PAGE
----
The “initial coin offering” (ICO) funding market is being crushed by the “crypto winter”, according to two new reports.
ICOs are where startups and projects raise money by issuing digital coins or tokens, similar to bitcoin, in exchange for real money. The majority of tokens are snapped up by ordinary retail investors, cutting out venture capitalists and other early-stage institutional investors.
The fundraising method emerged in 2017 and almost 500 projects raised more than $5bn (£3.8bn) through ICOs last year. ICOs continued to be popular at the start of 2018, with the total raised through the method surpassing 2017 levels in April. But the market has since collapsed as cryptocurrency prices dived.
Reports from ICORating, an independent crypto ratings agency, and Outlier Ventures, a blockchain and crypto-focused venture capital firm, show that the third quarter was brutal for the market.
The amount of money raised and quality of startups declines, returns on investments were negative, and apparent scams have become commonplace.
The reports show:
- Startups raised 48% less through ICOs in the third quarter compared to the second.
- 75% of startups trying to raise money had nothing but an idea.
- The average return from ICO tokens in the quarter was -22%.
- 64% of attempted ICOs failed.
- 19% of companies that raised money through ICOs in the third quarter have deleted their websites and social media accounts, suggesting they were scams.
Outlier Venture’s report blamed the “crypto winter” for part of the slowdown, while ICORating said it expects to see projects go bust in the coming months.
“We expect some strongly hyped projects which raised significant funding to actually fail for a variety of reasons – due to being compromised as scams, to conflicts between founders, failure to deliver the promised technology or a failure of solutions offered to be widely adopted,” ICORating’s report said.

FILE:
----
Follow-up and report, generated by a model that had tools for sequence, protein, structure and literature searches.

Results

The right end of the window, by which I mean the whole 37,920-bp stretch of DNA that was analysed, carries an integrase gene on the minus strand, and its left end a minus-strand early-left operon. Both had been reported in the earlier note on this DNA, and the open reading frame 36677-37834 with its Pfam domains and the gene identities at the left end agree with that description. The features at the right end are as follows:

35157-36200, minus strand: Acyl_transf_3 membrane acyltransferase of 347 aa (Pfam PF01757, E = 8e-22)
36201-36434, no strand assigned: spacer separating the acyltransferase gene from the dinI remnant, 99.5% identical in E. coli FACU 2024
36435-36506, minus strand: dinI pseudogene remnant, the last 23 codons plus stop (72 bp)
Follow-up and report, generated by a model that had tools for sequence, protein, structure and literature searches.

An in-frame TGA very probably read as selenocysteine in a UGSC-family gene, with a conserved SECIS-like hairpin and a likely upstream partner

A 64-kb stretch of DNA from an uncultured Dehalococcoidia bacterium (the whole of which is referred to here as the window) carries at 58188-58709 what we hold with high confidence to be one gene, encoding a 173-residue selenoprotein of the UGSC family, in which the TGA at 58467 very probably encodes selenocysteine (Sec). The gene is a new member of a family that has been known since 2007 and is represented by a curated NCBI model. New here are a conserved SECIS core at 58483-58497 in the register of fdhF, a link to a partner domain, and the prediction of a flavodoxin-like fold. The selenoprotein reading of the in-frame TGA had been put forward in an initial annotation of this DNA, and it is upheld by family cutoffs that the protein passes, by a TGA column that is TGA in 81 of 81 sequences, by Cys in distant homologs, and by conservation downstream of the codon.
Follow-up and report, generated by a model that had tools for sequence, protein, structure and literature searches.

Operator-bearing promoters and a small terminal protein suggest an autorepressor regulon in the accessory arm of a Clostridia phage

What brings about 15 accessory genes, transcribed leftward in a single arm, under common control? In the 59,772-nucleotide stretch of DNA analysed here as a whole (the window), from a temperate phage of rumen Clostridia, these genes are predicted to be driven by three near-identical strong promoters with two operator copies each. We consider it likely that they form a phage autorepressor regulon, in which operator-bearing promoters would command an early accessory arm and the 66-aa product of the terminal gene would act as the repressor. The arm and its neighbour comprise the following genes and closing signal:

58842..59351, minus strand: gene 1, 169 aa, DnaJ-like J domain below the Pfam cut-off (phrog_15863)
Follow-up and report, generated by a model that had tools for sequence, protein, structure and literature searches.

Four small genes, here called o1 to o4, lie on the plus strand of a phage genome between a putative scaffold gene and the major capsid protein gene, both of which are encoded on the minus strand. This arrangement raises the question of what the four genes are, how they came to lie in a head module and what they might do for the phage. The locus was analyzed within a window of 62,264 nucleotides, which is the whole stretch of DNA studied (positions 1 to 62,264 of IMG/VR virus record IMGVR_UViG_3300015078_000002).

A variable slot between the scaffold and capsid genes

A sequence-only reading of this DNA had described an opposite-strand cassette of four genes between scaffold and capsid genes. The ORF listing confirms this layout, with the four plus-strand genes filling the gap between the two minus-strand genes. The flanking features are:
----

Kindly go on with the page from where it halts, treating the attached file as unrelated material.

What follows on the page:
Jamie Burke, the founder and CEO of Outlier Ventures, told Yahoo Finance UK: “We knew what was happening towards the end of last year was unsustainable. The reason it was unsustainable was a lot of it was not tied to underlying value. Being more technically involved in the industry, we were aware that the hype was running ahead of technology.”
The majority of projects that raise money through ICOs rely on blockchain technology in some form or another. However, Burke said that the infrastructure is not yet developed enough to support many of the ideas that projects raised money for last year.
“The market got a bit of itself,” Burke said. “All the possibilities that blockchains and distributed ledgers offered, everybody rushed to try and realise those and the capital rushed to follow them. But the reality is the technical cycle is much further behind the market cycle.”
‘A vast number are scams’
ICORating’s report found scams are increasingly common in the market: 19% of ICO projects from the third quarter have already deleted their social network accounts and websites, suggesting they were scams. The projects collectively raised $62m, 3% of the total $1.8bn raised through ICOs in the third quarter.
“The key problem with ICOs is that a vast number of them are scams or scam-like projects,” the report said, noting that there has been an “an increasing lack of transparency from ICO teams/projects” that makes it harder to tell the good from the bad.
However, Burke said: “A large majority of ICOs shouldn’t have ICOed full-stop. Now, does that make them a fraud? I don’t think so. 90% of startups fail in their first three years. The numbers pretty much mirror traditional early-stage ventures.”
Outlier Venture’s report found that venture capital is increasingly filling the void left by ICOs when it comes to digital token-based projects. VCs have invested almost $3bn in these projects in 2018, which is “more venture capital inflow than all previous years combined,” according to Outlier Ventures.
“Although the number and size of public token fundraises has reduced, startups, corporates and regulators continue to believe that tokens are foundational to Web 3.0 infrastructure and represent the opportunity for new business models,” Outlier Ventures’ report said.
Burke said: “We don’t see ICOs as dead. They are just evolving as the industry professionalises.“